Young people giving up on car culture

click to enlarge
The cover of today’s Washington Post tabloid edition.

Americans under 30 are giving up cars in record numbers. Congestion, combined with escalating costs, a return to urban living, and the rise of social media have resulted in an increasing view among young people that cars are a burden rather then a ticket to freedom.

The statistics are staggering. Vehicle Miles Traveled (VMT) by Americans under 35 fell by 23% from 2001 to 2009. Less than half of potential drivers under 19 have driver’s licenses today, compared to nearly 2/3 in 1998. 21-34 year-olds are buying about a quarter of new cars in the US today, compared to almost 40% in 1985. 88% of the Millennial generation want to live in a walkable urban environment. Bicycles are beginning to outnumber cars in some urban neighborhoods. [ref]

This cultural shift is such big news that over the last couple of years it’s become a fairly common meme in the media. Many of the major news publications are taking turns writing stories about it.

Today was the Washington Post’s turn. Their story covered all the usual points:

  • The car’s old role as a necessary tool for social interaction is greatly diminished due to the rise of the internet.
  • Electronic gadgets have largely replaced cars as the consumer products young people desire most.
  • Increasing congestion and rising gas prices have eaten into the simple joy of driving the open road.
  • New models of carsharing, bikesharing, and increased transit are diluting the car’s place as the most convenient way to travel.

The Post goes on to interview some of the young people living this different version of the American Dream. “It’s not advantageous to have a car, and sometimes it’s disadvantageous,” says one. “I think the car is less tied to your identity than it was in the 50s,” says another.

It’s standard practice in newspaper writing to find someone who disagrees with the premise of a piece. The Post’s article follows that template, but their choice of a naysayer is interesting.

The Post quotes a professor Michael Marsden, of Saint Norbet College. He says:

“If you look at Main Street America on weekends, they’re still driving up and down Main Street… Are we really ever going to get over the love affair? I doubt it. Automotive culture, that love affair is a deep one. And we may have to compromise, we may have to shift, we may have to redefine it, but it’s a pull. It’s a deep, deep pull.”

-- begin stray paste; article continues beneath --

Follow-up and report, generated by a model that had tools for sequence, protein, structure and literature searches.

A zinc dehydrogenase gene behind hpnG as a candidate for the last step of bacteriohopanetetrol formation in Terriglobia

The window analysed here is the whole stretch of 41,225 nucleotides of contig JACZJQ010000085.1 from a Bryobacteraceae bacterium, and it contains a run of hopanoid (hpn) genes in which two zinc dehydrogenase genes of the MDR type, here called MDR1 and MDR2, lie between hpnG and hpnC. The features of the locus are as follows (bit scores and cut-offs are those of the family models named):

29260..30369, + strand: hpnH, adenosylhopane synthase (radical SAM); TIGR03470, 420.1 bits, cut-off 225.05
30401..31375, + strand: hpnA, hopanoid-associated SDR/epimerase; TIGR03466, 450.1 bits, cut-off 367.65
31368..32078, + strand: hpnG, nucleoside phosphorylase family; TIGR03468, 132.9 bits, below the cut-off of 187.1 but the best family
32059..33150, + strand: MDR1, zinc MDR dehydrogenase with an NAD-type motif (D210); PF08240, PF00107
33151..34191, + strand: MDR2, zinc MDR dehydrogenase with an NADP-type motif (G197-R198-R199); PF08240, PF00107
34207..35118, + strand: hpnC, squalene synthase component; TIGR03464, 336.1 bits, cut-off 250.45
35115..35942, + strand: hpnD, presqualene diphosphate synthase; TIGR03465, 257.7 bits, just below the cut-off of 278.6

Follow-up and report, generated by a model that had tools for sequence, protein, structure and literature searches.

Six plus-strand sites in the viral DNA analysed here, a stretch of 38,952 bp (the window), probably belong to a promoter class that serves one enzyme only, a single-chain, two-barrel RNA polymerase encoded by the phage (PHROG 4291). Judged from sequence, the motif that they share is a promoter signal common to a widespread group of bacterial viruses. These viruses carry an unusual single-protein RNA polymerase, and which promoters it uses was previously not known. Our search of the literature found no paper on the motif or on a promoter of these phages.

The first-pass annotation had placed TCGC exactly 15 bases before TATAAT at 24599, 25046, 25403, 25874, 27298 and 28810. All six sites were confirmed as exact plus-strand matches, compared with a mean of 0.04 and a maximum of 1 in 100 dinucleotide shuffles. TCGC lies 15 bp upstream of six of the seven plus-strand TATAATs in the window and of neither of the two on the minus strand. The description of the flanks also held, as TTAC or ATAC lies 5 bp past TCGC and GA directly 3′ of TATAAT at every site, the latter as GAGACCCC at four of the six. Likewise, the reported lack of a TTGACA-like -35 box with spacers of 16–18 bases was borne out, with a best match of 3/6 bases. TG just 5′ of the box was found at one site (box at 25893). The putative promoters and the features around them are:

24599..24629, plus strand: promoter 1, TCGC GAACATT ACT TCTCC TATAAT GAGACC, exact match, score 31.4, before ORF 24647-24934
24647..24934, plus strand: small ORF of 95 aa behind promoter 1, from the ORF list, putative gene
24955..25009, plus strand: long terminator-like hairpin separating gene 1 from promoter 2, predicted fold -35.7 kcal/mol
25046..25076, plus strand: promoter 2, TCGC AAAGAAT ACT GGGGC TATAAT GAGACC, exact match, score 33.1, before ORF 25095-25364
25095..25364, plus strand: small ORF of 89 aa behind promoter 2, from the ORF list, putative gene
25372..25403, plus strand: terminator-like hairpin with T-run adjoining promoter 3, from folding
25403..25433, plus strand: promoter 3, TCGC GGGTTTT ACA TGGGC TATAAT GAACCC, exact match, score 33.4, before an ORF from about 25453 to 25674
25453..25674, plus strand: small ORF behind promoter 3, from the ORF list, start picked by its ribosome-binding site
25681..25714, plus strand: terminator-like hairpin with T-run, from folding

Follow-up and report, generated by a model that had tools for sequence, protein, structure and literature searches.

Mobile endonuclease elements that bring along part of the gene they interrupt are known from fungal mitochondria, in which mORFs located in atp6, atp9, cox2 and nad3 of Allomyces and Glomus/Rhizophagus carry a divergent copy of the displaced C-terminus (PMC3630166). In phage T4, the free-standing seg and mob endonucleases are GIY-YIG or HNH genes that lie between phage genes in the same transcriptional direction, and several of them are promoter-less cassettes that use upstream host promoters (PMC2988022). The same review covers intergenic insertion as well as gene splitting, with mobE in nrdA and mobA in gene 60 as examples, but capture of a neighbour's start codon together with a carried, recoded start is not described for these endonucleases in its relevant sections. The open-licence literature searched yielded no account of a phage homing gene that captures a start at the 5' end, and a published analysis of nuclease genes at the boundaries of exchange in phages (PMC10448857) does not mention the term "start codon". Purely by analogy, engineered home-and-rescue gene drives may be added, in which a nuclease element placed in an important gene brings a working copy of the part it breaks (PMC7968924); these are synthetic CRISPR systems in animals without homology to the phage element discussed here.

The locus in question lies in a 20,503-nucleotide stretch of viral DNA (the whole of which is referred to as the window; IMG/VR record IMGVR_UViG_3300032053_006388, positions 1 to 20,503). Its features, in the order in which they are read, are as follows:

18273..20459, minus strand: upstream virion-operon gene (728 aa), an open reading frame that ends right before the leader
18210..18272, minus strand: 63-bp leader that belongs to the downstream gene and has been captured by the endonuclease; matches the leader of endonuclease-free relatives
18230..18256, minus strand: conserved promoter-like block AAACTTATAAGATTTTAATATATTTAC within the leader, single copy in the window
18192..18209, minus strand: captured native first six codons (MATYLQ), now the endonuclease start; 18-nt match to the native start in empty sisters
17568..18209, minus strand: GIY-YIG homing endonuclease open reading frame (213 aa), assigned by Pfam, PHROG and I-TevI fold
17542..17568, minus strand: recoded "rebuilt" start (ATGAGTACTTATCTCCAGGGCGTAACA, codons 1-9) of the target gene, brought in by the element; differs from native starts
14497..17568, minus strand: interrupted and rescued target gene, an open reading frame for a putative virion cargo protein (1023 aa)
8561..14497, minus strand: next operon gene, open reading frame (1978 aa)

A quick search reveals that professor Marsden is an older gentleman, and that Saint Norbet college is located in a suburb of Green Bay, Wisconsin.

Not to pick on professor Marsden, but I wonder if he knows that his statements aren’t really a defense of car culture so much as they are further illustration of the generation gap. What better proof of this could the Post have shown than to end a story filled with quotes from young people with one from an old guy about how he thinks they’re all wrong?

It’s extremely unlikely that cars will ever disappear entirely, of course. That’s not the point. Cars are wonderfully useful tools, after all, as long we don’t let them take over our lives. The point of articles such as this is that “useful tools” is exactly how young people today view cars, rather than as the essential identity-defining symbols of previous generations.

And really, is it such a surprise that today’s youth don’t identify with the same cultural symbols as their parents and grandparents? Is anyone actually shocked at this development? I doubt it.

Ref: Statistics in the second paragraph from the following sources: BeyondDC, MSNBC, Washington Post, The Atlantic, AnnArbor.com.

By | 2012-05-22T09:46:58+00:00 May 22, 2012|Categories: Demographics, Motor Vehicles|16 Comments

16 Comments

  1. Dave Barnes May 22, 2012 at 10:14 am